IMO, the answer to:

> how do we avoid offloading or automating the kind of work that is critical to our well-being?

Is "we don't". Lots of work contributes to wellbeing, and IMO it's highly contextual rather than just because it falls within some category. I hate cleaning, but have at times found immense satisfaction in tidying the place up. I hate it as a chore, but at some point the mess becomes annoying, I fix it, and then stare at the now clean room with pride for a bit.

But that doesn't mean there's anything wrong with the Roomba. That at times I find it pleasant to do some cleaning doesn't mean I want to do that all the time.

Also, the:

> “I want AI to do my laundry and dishes so that I can do art and writing, not for AI to do my art and writing so that I can do my laundry and dishes.”

Is pretty darn hilarious and is getting made lots of fun of in some circles. We call that "washing machine", and "dishwasher". And "dryer" and "rotary iron" if you want to go a bit further.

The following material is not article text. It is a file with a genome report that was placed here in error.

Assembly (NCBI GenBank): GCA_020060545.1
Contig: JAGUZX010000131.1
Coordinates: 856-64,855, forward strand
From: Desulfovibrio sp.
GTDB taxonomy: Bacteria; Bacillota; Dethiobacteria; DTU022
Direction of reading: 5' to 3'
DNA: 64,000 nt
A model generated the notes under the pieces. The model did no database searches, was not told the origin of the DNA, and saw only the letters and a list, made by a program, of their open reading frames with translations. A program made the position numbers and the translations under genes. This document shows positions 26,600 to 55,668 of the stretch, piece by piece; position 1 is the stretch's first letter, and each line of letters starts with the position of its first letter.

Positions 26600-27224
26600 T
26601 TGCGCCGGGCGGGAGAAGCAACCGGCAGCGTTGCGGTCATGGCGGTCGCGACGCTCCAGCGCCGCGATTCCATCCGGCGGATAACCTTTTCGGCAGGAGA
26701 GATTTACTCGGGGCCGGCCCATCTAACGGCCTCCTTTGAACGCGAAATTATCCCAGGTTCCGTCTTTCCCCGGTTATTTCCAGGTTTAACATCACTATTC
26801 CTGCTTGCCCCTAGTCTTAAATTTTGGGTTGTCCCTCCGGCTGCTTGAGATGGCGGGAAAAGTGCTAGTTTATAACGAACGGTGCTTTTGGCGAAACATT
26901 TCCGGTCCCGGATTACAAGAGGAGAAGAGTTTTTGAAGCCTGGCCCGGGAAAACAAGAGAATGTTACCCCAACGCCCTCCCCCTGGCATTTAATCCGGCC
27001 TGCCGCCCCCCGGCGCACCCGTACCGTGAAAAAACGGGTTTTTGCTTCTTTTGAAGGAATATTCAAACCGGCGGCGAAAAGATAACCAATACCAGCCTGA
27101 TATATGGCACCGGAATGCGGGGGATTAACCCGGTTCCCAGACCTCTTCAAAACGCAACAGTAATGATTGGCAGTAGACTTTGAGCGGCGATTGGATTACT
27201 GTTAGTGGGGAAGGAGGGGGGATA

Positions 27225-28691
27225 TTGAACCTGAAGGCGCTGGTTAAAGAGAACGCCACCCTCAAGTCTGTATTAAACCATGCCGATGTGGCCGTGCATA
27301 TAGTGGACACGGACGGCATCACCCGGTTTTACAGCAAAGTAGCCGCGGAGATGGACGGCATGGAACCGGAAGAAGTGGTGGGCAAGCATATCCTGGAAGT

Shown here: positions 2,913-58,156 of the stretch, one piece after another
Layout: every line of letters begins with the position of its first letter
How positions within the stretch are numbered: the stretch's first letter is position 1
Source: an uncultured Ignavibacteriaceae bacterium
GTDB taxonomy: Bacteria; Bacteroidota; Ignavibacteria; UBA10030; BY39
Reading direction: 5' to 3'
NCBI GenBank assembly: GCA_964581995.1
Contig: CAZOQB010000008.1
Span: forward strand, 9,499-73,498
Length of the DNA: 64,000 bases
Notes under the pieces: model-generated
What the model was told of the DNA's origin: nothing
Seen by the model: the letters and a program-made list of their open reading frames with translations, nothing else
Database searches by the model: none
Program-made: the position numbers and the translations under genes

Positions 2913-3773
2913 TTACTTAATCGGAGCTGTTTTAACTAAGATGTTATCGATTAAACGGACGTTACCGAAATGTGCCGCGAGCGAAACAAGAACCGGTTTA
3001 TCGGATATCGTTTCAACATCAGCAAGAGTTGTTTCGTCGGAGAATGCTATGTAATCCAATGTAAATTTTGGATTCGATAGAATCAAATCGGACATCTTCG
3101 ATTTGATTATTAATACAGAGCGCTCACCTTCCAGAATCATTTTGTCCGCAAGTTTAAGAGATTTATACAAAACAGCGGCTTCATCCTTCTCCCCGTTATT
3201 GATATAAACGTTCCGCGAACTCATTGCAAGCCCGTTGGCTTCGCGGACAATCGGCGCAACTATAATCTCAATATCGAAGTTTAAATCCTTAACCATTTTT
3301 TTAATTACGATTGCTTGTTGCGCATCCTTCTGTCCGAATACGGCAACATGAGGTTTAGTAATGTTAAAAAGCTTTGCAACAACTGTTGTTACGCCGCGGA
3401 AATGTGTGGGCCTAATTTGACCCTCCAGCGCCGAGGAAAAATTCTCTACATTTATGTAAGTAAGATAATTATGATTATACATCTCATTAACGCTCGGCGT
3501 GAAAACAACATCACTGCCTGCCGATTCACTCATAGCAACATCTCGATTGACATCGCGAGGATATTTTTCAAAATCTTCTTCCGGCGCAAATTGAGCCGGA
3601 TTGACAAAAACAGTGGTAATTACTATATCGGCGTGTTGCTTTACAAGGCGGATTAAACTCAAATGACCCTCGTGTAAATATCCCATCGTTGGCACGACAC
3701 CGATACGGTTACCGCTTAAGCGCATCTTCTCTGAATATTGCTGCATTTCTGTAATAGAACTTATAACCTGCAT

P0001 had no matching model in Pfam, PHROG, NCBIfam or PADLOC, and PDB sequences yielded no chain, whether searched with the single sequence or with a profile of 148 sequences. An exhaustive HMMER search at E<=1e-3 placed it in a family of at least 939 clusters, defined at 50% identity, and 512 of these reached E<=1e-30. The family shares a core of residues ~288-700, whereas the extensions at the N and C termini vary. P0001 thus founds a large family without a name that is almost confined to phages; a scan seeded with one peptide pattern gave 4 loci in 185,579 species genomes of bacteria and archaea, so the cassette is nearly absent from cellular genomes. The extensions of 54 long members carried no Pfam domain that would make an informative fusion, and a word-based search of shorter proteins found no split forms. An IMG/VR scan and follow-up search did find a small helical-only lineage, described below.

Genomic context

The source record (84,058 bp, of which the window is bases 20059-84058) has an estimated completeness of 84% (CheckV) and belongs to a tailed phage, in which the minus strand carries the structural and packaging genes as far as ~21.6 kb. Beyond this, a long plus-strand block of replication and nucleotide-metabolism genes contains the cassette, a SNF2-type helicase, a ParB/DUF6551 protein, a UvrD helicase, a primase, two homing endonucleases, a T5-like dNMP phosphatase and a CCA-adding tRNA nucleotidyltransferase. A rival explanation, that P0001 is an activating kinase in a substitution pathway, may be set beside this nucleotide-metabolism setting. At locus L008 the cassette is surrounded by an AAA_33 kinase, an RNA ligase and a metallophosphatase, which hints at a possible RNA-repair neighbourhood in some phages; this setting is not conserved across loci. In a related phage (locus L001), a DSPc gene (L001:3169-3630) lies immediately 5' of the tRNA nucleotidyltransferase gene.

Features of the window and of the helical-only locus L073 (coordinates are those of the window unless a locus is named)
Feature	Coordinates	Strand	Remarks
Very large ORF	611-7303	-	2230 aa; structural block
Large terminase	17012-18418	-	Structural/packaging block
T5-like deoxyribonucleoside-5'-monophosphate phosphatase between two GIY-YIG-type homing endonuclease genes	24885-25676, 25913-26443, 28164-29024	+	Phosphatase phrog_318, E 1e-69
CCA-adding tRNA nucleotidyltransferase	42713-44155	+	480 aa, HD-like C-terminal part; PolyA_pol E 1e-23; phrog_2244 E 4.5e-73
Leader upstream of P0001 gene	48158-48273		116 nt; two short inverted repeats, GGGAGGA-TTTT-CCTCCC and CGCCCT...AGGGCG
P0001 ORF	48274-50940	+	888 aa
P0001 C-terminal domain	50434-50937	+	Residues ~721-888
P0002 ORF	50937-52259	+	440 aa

Who is this for, besides the author? If you want to write sermons, write sermons. If you want to address people’s concerns with the way their time is obliged in 2024, you must address the impositions made by the labor market on employees that, more frequently than not, extend beyond the workday. Some fortunate souls have jobs that afford them equal agency to the creative pursuits the author derides, but the norm is the opposite. It’s hard to find the small joys within “chop wood, carry water” after a ten-hour day deferring one’s agency to the workplace & two hours commute. The suggestion that hypothetical dishwashing robots would shred the fabric of community seems misplaced at best.
  • ·
  • 1 week ago
  • ·
  • [ - ]